According to Eusebius, Roman historian and Christian theologian, 'Constantine the Great was matched by none in grace and beauty of form, or in tallness, and so surpassing his contemporaries in personal strength that he struck terror into them.' The quote comes from (where else?) ConstantineTheGreatCoins.com, and CoinQuest appreciates the depth and scholarly work shown on that web site.
This coin comes from Constantine I (the Great), although similar coins can be found with his son (click here). The 'castle' reverse is known as a Roman campgate, and the full inscriptions read:
CONSTAN TINVS AVG
PROVIDEN TIAE AVGG
Silver coins also carry similar patterns and are more valuable, but these copper coins generally catalog as follows:
worn: $10 US dollars approximate catalog value
average circulated: $20
well preserved: $80
For a coin to have this value, it must be attractive to a collector. Different collectors will have different personal tastes in coins, but almost universally liked are a well centered strike, legible inscriptions, and an attractive patina. The patina is the color that the coin has taken over the centuries from exposure to the elements. Coins that have been harshly cleaned will be stripped of their patina, leaving shiny metal that will never look the same again.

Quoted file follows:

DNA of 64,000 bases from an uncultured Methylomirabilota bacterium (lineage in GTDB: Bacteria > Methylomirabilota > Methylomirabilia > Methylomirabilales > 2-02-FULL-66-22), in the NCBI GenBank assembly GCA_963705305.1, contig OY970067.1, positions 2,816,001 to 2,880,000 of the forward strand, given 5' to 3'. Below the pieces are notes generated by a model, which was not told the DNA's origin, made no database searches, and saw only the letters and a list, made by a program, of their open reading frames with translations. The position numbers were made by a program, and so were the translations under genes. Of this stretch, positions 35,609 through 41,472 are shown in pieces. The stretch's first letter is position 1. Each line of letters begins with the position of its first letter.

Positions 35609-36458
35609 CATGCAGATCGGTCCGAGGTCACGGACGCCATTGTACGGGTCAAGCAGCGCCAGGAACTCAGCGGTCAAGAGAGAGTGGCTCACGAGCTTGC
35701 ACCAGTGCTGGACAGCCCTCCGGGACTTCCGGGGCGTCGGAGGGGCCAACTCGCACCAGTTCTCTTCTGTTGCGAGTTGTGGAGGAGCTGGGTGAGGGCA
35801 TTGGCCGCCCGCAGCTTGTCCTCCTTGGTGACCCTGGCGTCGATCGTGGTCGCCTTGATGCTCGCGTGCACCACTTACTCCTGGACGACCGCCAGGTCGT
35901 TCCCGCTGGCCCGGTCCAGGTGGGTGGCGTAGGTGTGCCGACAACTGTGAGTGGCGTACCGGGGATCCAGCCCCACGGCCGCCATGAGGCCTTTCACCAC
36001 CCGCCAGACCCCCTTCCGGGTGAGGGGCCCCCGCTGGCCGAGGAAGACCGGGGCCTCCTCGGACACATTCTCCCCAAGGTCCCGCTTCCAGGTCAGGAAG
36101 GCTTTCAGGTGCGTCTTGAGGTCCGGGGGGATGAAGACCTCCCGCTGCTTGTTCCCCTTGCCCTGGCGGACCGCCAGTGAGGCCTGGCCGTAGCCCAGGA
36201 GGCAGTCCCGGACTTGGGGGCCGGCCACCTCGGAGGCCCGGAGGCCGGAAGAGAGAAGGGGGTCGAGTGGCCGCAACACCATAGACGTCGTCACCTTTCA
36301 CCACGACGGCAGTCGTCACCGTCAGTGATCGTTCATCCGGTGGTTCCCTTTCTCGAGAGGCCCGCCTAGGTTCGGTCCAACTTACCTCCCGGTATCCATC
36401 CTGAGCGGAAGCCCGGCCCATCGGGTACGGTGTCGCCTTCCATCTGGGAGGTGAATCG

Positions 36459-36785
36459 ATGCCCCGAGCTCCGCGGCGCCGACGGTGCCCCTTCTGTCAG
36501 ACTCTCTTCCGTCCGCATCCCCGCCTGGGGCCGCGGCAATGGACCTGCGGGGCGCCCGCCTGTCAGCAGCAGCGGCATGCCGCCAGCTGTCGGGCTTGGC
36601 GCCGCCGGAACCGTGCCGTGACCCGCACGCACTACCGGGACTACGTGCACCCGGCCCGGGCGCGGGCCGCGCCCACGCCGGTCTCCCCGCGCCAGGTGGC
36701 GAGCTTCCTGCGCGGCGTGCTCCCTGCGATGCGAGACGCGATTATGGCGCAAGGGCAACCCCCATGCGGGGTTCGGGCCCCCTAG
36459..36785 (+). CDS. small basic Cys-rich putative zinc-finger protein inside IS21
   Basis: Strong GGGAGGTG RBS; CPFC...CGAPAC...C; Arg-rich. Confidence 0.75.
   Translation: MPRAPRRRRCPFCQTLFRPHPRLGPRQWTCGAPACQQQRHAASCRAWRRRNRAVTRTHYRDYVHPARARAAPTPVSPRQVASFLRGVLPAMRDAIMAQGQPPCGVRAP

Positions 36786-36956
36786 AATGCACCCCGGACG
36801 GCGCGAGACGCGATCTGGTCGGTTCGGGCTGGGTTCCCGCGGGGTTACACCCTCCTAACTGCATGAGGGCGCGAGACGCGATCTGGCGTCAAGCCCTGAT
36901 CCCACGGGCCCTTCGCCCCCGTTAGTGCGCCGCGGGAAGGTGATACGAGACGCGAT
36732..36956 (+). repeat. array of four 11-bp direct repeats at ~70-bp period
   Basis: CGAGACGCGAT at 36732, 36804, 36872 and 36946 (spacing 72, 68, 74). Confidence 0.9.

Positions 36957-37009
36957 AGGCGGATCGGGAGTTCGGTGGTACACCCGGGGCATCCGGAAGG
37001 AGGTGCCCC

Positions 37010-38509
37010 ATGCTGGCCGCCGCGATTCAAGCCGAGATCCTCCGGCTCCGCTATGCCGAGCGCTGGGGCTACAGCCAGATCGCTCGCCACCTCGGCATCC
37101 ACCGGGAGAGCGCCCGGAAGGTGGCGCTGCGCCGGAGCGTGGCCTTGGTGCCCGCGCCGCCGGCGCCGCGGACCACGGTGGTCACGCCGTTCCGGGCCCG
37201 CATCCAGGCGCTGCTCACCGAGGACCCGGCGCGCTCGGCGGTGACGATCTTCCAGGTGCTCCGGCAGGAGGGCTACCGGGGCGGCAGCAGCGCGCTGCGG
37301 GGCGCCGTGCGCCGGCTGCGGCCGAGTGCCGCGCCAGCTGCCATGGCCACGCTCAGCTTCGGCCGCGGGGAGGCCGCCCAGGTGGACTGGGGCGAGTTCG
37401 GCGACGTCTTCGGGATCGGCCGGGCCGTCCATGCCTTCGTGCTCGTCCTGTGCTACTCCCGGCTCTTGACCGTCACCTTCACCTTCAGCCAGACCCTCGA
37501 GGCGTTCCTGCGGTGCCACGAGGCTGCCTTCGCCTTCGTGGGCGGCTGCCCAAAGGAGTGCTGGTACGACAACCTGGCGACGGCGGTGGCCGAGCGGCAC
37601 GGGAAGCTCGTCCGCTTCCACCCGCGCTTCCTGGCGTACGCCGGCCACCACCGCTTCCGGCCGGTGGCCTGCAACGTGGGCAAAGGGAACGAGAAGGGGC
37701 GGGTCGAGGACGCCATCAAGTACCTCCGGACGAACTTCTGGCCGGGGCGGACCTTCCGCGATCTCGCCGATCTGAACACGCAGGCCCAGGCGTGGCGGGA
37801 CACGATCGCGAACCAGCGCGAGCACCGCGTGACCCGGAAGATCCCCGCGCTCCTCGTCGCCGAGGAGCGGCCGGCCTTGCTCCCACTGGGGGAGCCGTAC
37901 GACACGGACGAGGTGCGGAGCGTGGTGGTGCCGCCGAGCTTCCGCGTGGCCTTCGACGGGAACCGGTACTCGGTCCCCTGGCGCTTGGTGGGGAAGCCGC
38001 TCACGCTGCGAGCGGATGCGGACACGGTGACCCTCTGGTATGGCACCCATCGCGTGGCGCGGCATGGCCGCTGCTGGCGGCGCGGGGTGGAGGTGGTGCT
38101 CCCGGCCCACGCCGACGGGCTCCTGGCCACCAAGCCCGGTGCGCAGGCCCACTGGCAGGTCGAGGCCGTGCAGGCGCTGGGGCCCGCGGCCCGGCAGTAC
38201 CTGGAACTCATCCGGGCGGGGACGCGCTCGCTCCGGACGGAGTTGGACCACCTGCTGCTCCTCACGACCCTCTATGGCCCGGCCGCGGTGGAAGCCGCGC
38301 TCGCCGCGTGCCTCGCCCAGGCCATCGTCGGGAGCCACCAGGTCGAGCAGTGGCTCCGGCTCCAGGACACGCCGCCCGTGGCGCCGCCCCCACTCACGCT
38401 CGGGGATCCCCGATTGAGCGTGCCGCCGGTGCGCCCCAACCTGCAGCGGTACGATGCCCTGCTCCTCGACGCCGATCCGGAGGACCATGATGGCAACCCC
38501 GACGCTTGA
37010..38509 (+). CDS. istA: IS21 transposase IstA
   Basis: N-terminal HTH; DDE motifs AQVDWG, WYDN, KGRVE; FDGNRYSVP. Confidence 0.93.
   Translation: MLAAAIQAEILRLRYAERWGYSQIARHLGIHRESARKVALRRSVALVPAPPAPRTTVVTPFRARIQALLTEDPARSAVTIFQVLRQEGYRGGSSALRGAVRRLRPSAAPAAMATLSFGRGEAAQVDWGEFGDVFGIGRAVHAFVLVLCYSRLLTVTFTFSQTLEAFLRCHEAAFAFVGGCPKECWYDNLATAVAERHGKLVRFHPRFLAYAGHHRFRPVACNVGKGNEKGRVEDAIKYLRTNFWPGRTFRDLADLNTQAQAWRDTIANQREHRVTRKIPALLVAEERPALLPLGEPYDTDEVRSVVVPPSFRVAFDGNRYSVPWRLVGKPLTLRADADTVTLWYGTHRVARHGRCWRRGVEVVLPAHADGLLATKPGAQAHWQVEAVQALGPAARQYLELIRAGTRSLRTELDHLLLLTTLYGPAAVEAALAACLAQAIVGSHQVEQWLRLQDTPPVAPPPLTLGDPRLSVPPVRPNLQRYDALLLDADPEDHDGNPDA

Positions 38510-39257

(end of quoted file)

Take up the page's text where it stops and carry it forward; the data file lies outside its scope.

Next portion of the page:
The coin in our picture with its pleasingly smooth patina, fully centered strikes on both sides, and easily readable legends comes from Jean Elsen et ses Fils in Brussels, and CoinQuest thanks them for use of their image. But the secondary picture, with the yellow background, muddies the waters. It is a reproduction sold as a real coin. Such counterfeiting is always a problem in modern numismatics (coin collecting). If you are buying such material, deal only with people you trust. Thanks to ForumAncientCoins.com for the picture of the fake.